If you are scheduled for an upcoming surgery, it is only natural to have doubts and concerns. These feelings are normal, even for minor, minimally invasive surgeries. One of the best ways to alleviate anxiety about medical procedures is to ask plenty of questions before you enter the operating theater.
First of all, you should ask about the basics of the procedure. Your doctor should be willing to walk you through the process so that you know what to expect, from the moment you enter the hospital until you are discharged. If you are unclear on any aspect of the procedure, do not be afraid to follow up. This is about your health and life, and you are your own best advocate. You should also make sure that your insurance company is on board with this procedure so you aren’t left holding a huge bill at the end of the day.
Inpatient or Outpatient
You should also ask how long you will be in the treatment facility. Knowing this can help you plan what to bring, and can also help you navigate your insurance company's rules for inpatient versus outpatient procedures. If you will be in the hospital for several days, it is a good idea to bring some entertainment items, and arrange for visitors. Hospital food is notoriously unappetizing, so you might want to ask your care team if you will be allowed to bring in an outside snack or two.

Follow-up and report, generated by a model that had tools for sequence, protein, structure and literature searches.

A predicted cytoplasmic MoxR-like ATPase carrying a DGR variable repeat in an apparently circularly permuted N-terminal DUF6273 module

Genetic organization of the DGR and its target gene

Rules For Visitors
Some people feel much more comfortable if a loved one can be present during the procedure. This is not always possible, depending on the type of surgery. Knowing in advance whether you can have a support person in the operating room with you can help you better prepare.
What To Expect During Recovery
Sometimes physicians are so focused on the details of the surgery itself that they fail to give you an adequate understanding of what the recovery period will entail. Ask as many questions about recovery as you do about the procedure. Find out how long you will be on bedrest or have limited mobility. Also, ask what options will be available to treat residual pain. Doctors often prescribe opioid medications as a post-surgery pain treatment, but these medications are highly addictive. If this is a risk you'd like to avoid, ask your doctor about alternatives.
What Resources Are Available
If your procedure will be performed at a large medical complex, contact the surgical center and find out what resources will be available for you. You might have access to recovery and support groups, outside funding, or other community resources. Knowing what tools you have at your disposal can make the recovery process a little easier.
With research and communication, you will be an informed patient, ready for a successful and life-improving procedure. Your research should focus on all aspects, including how this will work with your insurance, what you need to do to prepare, and what you will need after your surgery.